Recommendations for diagnosing, treating, and preventing heartworm disease - Veterinary Medicine
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Recommendations for diagnosing, treating, and preventing heartworm disease
With so many different preventives, treatment protocols, and tests, it is difficult to know what is most appropriate for your patients. Here's some help.


VETERINARY MEDICINE SUPPLEMENT


Host antibodies develop in response to the early migration of the L3 or L4 larvae and are first detected serologically about two to three months after exposure.34 If an appropriate antibody response occurs, the larvae may be eliminated and may never reach the L5 stage, yet antibodies can persist for several months.35 So positive antibody test results can simply be an indication of exposure without an actual heartworm infestation. Traditionally, antibody tests have been used for heartworm screening because they were reportedly more sensitive (true positive results) than antigen tests,35 but in a recent study, antigen tests outperformed antibody tests when used to identify true positive cases of naturally heartworm-infested cats. Thus, antibody tests should not be used as a stand-alone screening test; rather antigen and antibody tests should be used in combination to increase the sensitivity of heartworm detection.31 Eosinophilia and basophilia are supportive hematologic abnormalities noted in some cats with heartworm infestations.37


Figure 5: A short-axis right parasternal view echocardiogram showing the aorta (AO), left atrium (LA), right ventricle (RV), and main pulmonary artery (MPA) in a cat. The double echogenic linear structures (arrows) within the right ventricle and main pulmonary artery represent the heartworms.
Other methodologies for detecting or supporting a diagnosis of a heartworm infestation include thoracic radiography and echocardiography. Caudal pulmonary artery enlargement greater than or equal to 1.6 times the diameter of the ninth rib at the ninth intercostal space is supportive evidence of heartworm infestation.38 Echocardiography is most useful in instances in which antigen test results are negative but cats display clinical and radiographic signs or in cases in which antibody test results are positive and suggest heartworm disease (Figure 5).39

Prevention and treatment

Feline heartworm prevention is recommended during the transmission period, which is year-round in the southern United States and variable in the northern United States.40 In the Northeast, transmission is from June through November. Infection from D. immitis can be prevented with 2 mg/kg of milbemycin oxime, 0.024 mg/kg of ivermectin administered orally once a month, or 6 mg/kg selamectin applied topically once a month. Prophylaxis can be started at as early as 4 weeks of age. Heartworm-positive cats can receive these preventives without complications, so heartworm testing before administration is not necessary in asymptomatic cats.34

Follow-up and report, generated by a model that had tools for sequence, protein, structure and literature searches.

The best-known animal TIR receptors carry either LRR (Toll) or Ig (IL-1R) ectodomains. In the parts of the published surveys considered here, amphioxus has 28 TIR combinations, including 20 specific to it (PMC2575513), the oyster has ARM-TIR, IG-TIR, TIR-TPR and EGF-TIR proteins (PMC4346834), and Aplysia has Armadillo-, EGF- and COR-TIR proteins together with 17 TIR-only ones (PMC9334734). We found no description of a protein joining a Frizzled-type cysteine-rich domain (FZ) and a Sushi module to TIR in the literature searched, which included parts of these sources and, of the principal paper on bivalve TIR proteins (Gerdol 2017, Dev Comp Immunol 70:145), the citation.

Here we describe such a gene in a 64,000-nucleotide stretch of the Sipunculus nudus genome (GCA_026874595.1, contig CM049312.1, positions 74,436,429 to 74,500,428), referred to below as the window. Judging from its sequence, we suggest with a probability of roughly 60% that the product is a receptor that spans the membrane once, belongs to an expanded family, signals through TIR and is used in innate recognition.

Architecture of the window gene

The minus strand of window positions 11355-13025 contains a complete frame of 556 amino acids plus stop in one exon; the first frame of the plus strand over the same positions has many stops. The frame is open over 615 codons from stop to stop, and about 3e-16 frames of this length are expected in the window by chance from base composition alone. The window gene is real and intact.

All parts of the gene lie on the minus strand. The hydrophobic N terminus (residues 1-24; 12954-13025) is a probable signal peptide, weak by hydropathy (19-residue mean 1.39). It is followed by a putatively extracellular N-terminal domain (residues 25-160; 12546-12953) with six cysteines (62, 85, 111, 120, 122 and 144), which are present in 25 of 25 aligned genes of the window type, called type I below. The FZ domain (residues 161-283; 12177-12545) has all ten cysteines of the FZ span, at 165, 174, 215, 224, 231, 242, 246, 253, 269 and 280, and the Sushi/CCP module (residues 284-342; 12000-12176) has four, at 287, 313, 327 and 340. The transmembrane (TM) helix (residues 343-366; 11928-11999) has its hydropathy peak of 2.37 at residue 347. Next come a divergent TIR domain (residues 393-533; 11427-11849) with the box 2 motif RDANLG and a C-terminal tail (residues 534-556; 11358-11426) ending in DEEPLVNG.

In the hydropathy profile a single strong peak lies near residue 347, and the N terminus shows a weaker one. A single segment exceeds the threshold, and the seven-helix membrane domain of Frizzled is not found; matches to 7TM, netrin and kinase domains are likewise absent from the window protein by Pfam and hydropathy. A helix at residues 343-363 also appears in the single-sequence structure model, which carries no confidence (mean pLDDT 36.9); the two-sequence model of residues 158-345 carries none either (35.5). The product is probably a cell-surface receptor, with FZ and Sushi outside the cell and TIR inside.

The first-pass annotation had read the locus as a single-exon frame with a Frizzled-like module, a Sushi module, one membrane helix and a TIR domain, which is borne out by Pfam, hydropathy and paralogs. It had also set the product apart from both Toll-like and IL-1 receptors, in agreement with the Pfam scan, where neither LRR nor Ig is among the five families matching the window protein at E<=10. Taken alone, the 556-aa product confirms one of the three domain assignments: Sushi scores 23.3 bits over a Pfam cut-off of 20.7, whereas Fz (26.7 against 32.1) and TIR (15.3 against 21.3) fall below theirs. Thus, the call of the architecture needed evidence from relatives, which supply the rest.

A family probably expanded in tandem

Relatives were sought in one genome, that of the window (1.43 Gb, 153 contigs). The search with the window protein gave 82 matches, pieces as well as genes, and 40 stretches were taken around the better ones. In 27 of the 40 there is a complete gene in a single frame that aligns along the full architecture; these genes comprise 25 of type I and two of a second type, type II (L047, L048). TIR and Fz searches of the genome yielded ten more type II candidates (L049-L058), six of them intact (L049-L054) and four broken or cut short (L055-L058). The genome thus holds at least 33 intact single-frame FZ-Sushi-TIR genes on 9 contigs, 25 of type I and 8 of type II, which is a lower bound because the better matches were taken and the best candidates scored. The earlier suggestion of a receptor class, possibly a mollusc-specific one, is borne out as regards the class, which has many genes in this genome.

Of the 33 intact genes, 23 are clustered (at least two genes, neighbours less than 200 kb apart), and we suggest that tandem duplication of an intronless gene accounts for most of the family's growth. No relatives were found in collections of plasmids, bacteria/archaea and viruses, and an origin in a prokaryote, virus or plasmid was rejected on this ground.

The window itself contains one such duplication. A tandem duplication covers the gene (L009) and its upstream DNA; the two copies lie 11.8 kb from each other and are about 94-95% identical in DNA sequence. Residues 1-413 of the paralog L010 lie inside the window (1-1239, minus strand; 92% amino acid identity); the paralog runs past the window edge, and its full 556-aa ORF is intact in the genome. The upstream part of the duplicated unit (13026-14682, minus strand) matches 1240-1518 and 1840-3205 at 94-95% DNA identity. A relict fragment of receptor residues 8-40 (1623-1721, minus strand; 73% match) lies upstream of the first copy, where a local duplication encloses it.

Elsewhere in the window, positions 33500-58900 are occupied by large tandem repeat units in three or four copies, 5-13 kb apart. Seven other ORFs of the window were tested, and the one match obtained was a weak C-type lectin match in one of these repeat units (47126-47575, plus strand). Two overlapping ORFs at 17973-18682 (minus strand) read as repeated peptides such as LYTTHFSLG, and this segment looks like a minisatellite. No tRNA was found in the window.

Adulticide therapy with thiacetarsamide sodium (2.2 mg/kg intravenously b.i.d. for two days) is unpredictable and may cause sudden death from embolism of worms. Acute collapse, pulmonary edema, pneumonitis, dyspnea, cyanosis, anorexia, pulmonary thromboemboli, hemoptysis, thrombocytopenia, and sudden death have all been reported from adulticide therapy.34 Therefore, the American Heartworm Society does not recommend arsenical therapy in cats.41 Oxygen therapy, supportive nursing care, and corticosteroids have been advocated in such reactions with variable success. Right heart catheter procedures using various retrieval techniques have successfully removed adult worms from the right atrium, right ventricle, and pulmonary arteries of cats and dogs with caval syndrome. Special care is necessary to avoid tearing worms and causing an acute anaphylaxis reaction. Heartworms in cats have a relatively short life span (two years) compared with heartworms in dogs (five to seven years) because cats are not the normal hosts.34 So in an asymptomatic cat, benign neglect with periodic antigen and antibody monitoring is reasonable. Corticosteroids are often helpful to treat clinical signs resulting from heartworm disease. Preventing an infestation is optimal because it is easier than treatment.41 (For comprehensive guidelines on managing feline heartworm infection, see www.heartwormsociety.org.)


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